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Thread: Organize cities by area

  1. #1
    Senior Member birq's Avatar
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    Default Organize cities by area

    Currently in the big city list, you can sort by owner, name, size and armies. It would be good to get a regional view as well. Could you add a column for continent? You could then sort by continent and see all the North American cities together, Asian, Australian, etc. They'll just be divided along geographical lines, and not geopolitical, so it won't change over time.

  2. #2
    Administrator Mickey's Avatar
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    Quote Originally Posted by birq
    Currently in the big city list, you can sort by owner, name, size and armies. It would be good to get a regional view as well. Could you add a column for continent? You could then sort by continent and see all the North American cities together, Asian, Australian, etc. They'll just be divided along geographical lines, and not geopolitical, so it won't change over time.
    Good idea. Not real soon, though. That will require that we tag each existing city with the proper continent, as well as write the code for pulling/sorting based on that.

    It's on the to-do list, though.

  3. #3
    Senior Member birq's Avatar
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    Quote Originally Posted by Mickey
    It's on the to-do list, though.
    That's all I ask

    Thanks!

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    Senior Member rasqual's Avatar
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    Organizing by continent is entirely arbitrary just now. It's not even a logical grouping, distance aside. Until oceans are a real barrier, and until national boundaries are respected in international law, any such groupings will be arbitrary and potentially misleading; the grouping will lend significance to a distinction that really has none (it would be misleading).

    My two cents.

  5. #5
    Senior Member birq's Avatar
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    Quote Originally Posted by rasqual
    Organizing by continent is entirely arbitrary just now. It's not even a logical grouping, distance aside. Until oceans are a real barrier, and until national boundaries are respected in international law, any such groupings will be arbitrary and potentially misleading; the grouping will lend significance to a distinction that really has none (it would be misleading).

    My two cents.
    Continental grouping is decidedly not arbitrary, which is why I suggested it. Okay, so the line between what is North America and what is South America was arbitrarily decided at one time, but the lines are now so widely accepted, they're inveterate.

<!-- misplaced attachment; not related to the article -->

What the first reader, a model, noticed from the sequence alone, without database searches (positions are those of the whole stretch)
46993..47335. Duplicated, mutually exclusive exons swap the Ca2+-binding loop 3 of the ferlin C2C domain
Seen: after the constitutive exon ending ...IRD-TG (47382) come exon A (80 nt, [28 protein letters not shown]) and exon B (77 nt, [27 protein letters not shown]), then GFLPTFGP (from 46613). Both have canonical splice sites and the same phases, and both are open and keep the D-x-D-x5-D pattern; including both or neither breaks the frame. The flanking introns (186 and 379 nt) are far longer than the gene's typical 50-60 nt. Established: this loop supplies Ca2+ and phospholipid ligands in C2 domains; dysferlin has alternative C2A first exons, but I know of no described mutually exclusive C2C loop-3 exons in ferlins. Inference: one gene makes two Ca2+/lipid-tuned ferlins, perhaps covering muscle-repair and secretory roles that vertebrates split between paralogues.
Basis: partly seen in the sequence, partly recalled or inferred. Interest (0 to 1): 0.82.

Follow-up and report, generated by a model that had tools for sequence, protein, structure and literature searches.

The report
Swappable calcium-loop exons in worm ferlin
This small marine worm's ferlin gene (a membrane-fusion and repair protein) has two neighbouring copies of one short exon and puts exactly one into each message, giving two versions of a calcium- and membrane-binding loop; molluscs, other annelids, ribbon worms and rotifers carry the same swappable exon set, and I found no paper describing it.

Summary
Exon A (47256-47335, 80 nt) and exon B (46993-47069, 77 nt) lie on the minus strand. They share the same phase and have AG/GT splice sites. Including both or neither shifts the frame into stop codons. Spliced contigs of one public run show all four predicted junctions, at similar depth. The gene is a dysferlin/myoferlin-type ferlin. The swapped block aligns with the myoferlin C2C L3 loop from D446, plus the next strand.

The purpose for my suggestion was to be able to see a general area at a glance. Long-term, we should be able to group cities however we want, but until we can get to the point where we each have control over the display of our city groupings, by landmass makes sense to me.

    And that's my 0.02 Geos

  6. #6
    Senior Member rasqual's Avatar
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    Quote Originally Posted by birq
    Continental grouping is decidedly not arbitrary, which is why I suggested it. Okay, so the line between what is North America and what is South America was arbitrarily decided at one time, but the lines are now so widely accepted, they're inveterate.

    The purpose for my suggestion was to be able to see a general area at a glance. Long-term, we should be able to group cities however we want, but until we can get to the point where we each have control over the display of our city groupings, by landmass makes sense to me.

    And that's my 0.02 Geos
    I agree with the logistical purpose, but the value of the grouping is incomplete until oceans act as oceans -- impediments to the movement of forcers which motivate acquisition of navies and air forces.

    BTW, at some pont soon, this world is going to have to accommodate civilian activity, such as refugees from embattled cities, changes in the "value" of cities when they're nuked, and so forth. Mickey's challenge is quickly becoming this: as the game scales and features become more realistic, the extent to which features need to be "fleshed out" (by having commensurate features in related conceptual areas of the game also fleshed out) grows non-linearly. That is, a credibility gap widens as emergent properties of changes cause still more dramatic changes.

    And so on.

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